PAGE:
“Our restaurants in the Middle East serve 100% Halal meat. In the U.S., however, we source our beef from several suppliers – not all of which process their beef as Halal. And since suppliers and preparation methods at a particular location can shift from time to time, the only responsible thing is to continue to be clear with our guests that we have not and cannot guarantee the certification at any of our U.S. restaurants.”

Shake Shake Dubai, one of numerous locations in the Middle East. [Photo: Krista Garcia/Goodies First]

Shake Shake Dubai, one of numerous locations in the Middle East. [Photo: Krista Garcia/Goodies First]

The answer, thankfully, is no. Shake Shack openly states that their Middle East and Turkey locations are Halal (a source told me they are using Creekstone Farms beef ordered with a Halal certificate). If they were scared of Halal, they wouldn’t be so open about their use of Halal meat overseas.

The real reason they are hesitant about Halal is because they use multiple beef suppliers in the US. A location can change its supplier at any time going from all-Creekstone Farms, to Creekstone Farms with another beef supplier, to no Creekstone Farms beef at all. While Muslim Eater recommends always confirming with restaurants who carry Creekstone Farms if they still have it before dining, perhaps Shake Shack does not want to commit to constantly responding to inquiries of which beef supplier a location may have at a given point in time. Even if a location happens to reveal that they only use Creekstone Farms, as was the case in Chicago, it’s just not something they want to verify at one point in case that information were to one day change.

Why Shake Shack needs to cater to American Muslims with Halal

While I understand the position Shake Shack has taken on their use of Creekstone Farms beef, the company needs to pay attention to the power of the Muslim consumer.

When Muslim Eater published that the Chicago location confirmed they only used Creekstone Farms beef, the news went viral. Thousands of unique viewers accessed the article, the vast majority within Chicagoland itself. Muslims showed up immediately the same day in large numbers to enjoy the Creekstone Farms-only burgers while they could. There was not a single Muslim I know who went except that they saw other Muslims there.

Shake Shack clearly caught wind of this, as they felt the need to contact Muslim Eater to clarify their position on Halal beef in their restaurants. I can imagine the Chicago management now has their answer to inquiries about Creekstone Farms on repeat. And Chicago isn’t the only instance. Just search Twitter for how many Muslims regularly request Shake Shack to be Halal.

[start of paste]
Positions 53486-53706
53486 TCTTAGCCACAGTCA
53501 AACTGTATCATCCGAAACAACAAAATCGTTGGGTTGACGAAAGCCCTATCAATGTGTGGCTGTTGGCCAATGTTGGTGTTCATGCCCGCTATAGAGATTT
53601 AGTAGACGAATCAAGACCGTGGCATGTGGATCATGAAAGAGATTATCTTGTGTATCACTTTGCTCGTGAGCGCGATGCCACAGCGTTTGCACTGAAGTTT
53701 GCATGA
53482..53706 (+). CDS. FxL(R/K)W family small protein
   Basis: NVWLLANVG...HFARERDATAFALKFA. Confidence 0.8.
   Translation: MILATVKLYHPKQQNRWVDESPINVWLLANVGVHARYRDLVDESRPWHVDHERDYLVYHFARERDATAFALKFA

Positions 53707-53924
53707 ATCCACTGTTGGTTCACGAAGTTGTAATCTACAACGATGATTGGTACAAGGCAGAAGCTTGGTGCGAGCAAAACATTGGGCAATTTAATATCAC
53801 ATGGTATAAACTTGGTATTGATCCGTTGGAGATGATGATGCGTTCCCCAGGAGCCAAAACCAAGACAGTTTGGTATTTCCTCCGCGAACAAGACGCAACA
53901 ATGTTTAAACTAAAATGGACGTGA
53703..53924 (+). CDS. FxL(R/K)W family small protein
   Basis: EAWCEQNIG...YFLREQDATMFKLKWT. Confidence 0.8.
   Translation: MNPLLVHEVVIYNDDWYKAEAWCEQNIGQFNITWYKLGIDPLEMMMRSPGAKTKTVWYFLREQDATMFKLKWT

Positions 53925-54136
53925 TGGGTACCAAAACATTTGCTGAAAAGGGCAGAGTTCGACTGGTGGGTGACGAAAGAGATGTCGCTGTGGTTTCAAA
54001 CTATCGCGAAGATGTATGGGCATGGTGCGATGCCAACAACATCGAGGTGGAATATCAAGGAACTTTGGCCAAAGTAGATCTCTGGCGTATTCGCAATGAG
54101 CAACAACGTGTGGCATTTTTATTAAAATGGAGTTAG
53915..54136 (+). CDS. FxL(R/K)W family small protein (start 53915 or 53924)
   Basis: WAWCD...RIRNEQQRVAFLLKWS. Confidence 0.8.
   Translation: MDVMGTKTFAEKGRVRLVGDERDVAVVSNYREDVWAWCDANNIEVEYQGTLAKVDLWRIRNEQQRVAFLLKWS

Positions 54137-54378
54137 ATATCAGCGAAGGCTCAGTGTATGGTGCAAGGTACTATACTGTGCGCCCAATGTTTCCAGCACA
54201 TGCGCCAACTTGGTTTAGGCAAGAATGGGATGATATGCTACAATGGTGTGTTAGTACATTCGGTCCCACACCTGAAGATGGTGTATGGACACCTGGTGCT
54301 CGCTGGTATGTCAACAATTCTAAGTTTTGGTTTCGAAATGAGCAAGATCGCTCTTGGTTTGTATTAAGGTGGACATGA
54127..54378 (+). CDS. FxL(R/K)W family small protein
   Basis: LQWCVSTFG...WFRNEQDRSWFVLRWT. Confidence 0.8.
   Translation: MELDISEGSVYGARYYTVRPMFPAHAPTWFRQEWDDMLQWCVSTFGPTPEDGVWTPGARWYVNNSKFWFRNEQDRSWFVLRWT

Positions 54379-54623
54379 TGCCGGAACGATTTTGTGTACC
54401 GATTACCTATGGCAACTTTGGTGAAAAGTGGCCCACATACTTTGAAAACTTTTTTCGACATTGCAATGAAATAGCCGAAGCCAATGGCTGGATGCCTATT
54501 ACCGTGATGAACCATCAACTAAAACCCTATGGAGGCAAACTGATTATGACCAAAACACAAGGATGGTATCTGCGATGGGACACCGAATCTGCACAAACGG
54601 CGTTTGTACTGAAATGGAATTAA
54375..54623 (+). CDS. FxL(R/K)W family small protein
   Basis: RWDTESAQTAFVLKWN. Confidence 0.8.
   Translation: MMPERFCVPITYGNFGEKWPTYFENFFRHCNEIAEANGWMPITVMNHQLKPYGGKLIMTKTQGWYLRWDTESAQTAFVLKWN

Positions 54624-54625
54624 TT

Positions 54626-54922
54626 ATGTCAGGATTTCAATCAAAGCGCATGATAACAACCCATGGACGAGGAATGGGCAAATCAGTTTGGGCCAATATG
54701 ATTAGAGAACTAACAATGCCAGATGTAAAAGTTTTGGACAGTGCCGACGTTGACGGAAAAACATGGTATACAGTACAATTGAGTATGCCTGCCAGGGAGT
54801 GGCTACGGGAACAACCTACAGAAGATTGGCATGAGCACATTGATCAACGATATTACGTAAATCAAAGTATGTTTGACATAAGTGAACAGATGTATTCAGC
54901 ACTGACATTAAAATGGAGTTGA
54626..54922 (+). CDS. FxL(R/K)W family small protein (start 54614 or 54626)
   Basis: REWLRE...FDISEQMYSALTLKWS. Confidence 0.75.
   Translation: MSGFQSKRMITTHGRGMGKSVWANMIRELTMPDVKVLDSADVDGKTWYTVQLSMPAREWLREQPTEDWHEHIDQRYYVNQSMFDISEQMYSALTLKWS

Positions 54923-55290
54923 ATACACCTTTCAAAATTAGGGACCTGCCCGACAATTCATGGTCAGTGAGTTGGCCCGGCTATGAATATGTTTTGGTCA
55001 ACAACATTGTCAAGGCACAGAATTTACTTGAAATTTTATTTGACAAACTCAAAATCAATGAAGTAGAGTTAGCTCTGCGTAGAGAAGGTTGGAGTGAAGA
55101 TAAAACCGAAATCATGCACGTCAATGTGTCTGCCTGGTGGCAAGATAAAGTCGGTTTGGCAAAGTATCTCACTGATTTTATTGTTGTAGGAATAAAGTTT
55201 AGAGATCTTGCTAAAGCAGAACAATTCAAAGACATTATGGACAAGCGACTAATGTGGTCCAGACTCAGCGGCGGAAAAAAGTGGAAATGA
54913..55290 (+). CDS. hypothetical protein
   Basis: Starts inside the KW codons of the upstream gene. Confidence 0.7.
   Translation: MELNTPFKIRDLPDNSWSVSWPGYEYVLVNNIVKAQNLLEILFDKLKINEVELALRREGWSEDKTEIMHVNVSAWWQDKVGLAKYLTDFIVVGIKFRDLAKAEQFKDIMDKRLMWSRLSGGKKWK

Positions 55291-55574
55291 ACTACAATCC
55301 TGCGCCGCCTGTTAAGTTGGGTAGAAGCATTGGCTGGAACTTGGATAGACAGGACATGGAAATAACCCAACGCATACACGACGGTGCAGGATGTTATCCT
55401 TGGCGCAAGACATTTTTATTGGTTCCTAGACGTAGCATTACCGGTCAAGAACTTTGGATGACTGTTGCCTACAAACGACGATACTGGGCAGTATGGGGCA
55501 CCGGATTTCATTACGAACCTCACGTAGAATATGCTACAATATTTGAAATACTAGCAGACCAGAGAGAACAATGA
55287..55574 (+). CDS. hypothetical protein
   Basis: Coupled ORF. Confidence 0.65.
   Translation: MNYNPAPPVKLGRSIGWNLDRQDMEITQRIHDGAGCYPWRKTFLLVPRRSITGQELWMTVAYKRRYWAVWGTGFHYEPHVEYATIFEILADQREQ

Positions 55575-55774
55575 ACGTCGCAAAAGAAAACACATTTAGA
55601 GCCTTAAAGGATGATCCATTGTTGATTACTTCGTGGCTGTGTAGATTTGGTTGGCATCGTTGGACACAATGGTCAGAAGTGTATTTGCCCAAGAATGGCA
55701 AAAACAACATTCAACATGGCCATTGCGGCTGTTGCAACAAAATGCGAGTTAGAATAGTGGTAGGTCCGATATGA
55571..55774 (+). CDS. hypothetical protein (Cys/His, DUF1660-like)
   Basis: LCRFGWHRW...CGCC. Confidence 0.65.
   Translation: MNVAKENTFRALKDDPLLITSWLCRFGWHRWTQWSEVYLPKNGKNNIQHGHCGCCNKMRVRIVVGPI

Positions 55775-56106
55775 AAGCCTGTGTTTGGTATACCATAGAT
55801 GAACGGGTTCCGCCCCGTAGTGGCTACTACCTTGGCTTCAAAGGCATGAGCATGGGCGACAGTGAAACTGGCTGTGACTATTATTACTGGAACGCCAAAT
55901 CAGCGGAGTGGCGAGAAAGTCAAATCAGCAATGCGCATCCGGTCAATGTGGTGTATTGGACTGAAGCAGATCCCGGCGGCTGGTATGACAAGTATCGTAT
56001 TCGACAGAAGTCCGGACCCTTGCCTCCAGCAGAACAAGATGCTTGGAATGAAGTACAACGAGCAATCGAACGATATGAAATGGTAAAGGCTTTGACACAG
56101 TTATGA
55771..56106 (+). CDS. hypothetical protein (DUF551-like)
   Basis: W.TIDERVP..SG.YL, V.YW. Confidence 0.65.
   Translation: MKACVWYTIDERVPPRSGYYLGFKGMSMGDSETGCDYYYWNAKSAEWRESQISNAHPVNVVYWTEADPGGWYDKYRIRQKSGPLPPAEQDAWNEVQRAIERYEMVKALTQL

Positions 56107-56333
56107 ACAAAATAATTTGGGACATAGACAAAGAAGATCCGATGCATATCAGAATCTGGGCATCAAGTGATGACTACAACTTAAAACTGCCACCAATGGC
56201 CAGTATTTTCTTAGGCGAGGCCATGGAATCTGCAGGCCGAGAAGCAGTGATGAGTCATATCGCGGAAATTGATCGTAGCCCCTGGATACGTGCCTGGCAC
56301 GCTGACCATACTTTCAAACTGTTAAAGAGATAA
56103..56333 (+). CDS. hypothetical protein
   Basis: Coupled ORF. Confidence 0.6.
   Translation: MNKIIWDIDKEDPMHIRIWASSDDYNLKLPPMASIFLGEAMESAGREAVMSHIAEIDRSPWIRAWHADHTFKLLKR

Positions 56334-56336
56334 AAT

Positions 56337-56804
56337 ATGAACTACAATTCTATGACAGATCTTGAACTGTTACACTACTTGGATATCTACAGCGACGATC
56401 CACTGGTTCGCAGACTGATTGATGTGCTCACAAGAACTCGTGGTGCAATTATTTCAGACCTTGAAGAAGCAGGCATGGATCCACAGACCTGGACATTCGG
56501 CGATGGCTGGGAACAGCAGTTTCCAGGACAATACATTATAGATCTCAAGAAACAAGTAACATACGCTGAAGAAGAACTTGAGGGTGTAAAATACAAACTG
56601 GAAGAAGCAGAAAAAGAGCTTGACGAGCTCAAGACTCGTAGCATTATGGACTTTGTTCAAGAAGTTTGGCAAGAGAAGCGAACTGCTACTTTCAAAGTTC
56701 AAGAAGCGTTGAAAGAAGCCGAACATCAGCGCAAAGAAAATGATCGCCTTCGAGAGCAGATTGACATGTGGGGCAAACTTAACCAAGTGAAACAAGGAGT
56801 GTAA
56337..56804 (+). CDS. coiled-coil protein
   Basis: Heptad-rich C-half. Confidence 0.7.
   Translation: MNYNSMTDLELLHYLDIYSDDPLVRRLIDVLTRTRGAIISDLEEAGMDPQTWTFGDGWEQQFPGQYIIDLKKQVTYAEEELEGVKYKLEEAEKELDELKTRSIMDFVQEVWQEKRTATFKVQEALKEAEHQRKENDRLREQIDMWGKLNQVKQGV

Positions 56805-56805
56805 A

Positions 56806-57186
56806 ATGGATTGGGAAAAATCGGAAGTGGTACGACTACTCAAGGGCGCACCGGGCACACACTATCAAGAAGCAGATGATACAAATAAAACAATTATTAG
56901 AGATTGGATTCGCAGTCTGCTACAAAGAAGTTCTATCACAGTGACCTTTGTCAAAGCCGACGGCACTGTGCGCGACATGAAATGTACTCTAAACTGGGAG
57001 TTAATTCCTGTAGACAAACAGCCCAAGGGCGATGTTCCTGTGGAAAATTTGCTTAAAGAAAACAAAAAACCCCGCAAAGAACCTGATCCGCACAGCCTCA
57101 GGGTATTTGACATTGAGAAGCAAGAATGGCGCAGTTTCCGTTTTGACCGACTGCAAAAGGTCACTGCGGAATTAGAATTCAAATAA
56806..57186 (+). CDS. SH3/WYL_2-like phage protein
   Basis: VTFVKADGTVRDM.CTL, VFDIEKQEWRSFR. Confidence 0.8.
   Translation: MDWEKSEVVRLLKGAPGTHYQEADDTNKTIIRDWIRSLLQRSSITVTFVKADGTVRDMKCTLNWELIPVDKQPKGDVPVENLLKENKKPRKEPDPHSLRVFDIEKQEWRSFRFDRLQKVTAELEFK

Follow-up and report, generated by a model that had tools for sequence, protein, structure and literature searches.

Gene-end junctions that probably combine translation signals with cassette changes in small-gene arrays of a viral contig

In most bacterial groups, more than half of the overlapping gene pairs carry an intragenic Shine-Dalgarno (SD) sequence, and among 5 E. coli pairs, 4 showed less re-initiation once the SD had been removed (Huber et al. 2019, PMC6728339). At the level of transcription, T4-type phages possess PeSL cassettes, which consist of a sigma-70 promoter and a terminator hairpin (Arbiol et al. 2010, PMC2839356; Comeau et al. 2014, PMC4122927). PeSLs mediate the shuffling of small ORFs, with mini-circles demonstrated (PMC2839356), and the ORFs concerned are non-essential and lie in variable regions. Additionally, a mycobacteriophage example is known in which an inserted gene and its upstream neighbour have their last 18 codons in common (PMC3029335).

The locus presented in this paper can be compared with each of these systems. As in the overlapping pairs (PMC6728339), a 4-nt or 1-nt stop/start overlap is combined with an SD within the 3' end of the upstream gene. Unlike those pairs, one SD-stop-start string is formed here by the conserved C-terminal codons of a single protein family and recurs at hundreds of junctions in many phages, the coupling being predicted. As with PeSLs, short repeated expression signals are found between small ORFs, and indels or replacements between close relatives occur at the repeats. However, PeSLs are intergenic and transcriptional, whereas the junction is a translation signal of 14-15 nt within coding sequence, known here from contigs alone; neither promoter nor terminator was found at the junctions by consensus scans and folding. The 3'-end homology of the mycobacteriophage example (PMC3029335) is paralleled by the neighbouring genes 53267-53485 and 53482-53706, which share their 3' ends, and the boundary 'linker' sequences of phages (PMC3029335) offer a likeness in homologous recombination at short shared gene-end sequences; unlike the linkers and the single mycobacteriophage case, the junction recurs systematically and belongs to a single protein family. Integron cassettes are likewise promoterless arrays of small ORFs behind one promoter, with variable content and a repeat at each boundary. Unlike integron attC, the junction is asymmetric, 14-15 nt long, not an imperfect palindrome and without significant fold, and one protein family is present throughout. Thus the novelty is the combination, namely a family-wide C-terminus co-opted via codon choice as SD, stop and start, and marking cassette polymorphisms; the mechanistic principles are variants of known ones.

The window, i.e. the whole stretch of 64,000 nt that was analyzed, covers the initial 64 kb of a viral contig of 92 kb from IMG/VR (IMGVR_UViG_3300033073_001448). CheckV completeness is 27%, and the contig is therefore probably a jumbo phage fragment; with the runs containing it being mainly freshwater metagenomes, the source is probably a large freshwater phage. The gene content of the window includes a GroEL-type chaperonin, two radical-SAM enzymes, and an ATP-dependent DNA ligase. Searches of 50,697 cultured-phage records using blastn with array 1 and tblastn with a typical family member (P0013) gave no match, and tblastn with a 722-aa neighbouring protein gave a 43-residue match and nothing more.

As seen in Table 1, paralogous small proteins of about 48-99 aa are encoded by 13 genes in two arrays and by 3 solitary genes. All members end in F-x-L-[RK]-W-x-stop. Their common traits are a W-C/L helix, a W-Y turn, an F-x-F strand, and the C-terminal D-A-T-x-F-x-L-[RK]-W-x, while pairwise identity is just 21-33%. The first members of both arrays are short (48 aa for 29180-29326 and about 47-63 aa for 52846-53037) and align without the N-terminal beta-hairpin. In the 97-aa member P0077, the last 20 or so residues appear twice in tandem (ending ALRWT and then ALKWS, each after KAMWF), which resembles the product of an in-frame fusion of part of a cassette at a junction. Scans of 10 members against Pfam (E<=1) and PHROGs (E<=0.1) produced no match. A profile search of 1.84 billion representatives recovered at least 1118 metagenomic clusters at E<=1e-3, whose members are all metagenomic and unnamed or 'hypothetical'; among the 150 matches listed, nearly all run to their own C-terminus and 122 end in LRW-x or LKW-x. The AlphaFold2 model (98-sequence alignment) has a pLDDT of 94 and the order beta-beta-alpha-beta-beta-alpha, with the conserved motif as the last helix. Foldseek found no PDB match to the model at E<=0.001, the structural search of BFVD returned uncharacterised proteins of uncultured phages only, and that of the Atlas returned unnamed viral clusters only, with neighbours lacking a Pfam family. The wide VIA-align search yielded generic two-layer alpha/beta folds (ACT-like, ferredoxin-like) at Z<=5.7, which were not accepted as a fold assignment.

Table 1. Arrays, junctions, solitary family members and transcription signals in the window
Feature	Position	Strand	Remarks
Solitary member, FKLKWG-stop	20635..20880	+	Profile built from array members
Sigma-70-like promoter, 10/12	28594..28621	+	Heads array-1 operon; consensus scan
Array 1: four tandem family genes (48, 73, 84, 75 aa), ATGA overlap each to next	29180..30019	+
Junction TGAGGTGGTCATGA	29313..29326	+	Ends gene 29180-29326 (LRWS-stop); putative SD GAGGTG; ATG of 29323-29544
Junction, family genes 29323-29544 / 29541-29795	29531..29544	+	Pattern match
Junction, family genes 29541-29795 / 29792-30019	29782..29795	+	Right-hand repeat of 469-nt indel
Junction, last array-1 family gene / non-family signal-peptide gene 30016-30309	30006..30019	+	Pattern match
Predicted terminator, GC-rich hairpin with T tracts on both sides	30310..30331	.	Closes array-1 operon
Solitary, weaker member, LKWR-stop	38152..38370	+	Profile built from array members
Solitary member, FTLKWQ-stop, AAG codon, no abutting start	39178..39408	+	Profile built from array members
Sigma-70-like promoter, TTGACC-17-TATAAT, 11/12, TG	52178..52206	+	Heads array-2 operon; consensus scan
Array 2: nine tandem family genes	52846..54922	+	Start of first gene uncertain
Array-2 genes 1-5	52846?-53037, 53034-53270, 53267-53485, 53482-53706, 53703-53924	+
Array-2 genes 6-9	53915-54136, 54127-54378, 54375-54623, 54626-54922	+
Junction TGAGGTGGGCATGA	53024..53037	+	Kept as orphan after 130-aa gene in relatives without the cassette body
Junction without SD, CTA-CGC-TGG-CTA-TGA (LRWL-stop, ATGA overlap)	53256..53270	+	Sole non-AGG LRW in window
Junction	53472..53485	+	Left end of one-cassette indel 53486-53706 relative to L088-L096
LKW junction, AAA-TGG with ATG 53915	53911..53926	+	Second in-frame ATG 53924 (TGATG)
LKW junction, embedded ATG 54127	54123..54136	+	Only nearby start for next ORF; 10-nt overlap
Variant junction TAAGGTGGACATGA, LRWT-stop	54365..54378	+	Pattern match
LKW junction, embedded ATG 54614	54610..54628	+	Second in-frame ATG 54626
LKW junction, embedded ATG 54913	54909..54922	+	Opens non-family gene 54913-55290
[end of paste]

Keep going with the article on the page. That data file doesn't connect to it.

What Shake Shack needs to learn from this is the power of the American Muslim consumer. When products that cater to them arise, they mobilize and invest unlike any other demographic. Companies that take advantage of this see clear increases in revenue. As the American Muslim Consumer Consortium (AMCC) writes:

“[O]ver 50% of businesses who catered to the Muslim consumer enjoyed an “annual growth in revenue of at least 5%, while 34% are registering higher than 15% growth. The same participants are sanguine about the future: over 60% of respondents foresee at least 5% growth in three years, while 43% envisage growth in revenue higher than 15%.

…Published research and studies are continuing to show that American Muslim consumers have over $170 billion in buying power, yet the market has yet to fully cater to this buying power by providing targeted products and services.”

In an age of a rapidly shifting economy where costs are higher than ever it’s critical to have something that elevates your business above the rest. Shake Shack already is using Halal beef to some capacity. Even if they were to convert just some of their locations to all-Halal beef, I am confident that they would see a material increase in revenue and brand recognition.

Halal logo outside Elevation Burger in Ann Arbor, MI [Photo: Saqib Shafi]

Halal logo outside Elevation Burger in Ann Arbor, MI [Photo: Saqib Shafi]

Like Epic Burger posting about Halal on their blog and Elevation Burger putting a Halal sticker on their location’s front doors, Halal doesn’t have to be something you hesitate about. It’s something that will cater to an untapped market with huge potential and a means of more profitability as a company.

Muslims need to tell Shake Shack to go Halal

Shake Shack told Muslim Eater something beautiful.

“We understand that this is disappointing to some of our fans. For that, please know that we continually strive to make our restaurants great, and we always appreciate questions and feedback. Thank you and a huge thanks to your readers for being Shack fans.”

This empathy shows the kind of company Shake Shack is. Being a part of the Union Square Hospitality Group, they live up to their group name. Since they’re open to feedback, let’s let them know how important Halal is to Muslims.

Write to Shake Shack on their contact page and politely let them know how you would love to have Halal Shake Shacks in the US. With enough positive pressure, the company may one day consider going Halal at certain locations and maybe even throughout the US.

Even if they don’t, at least they’ll know who American Muslims are: the most untapped consumer potential in the world. That’s a demographic they just can’t avoid.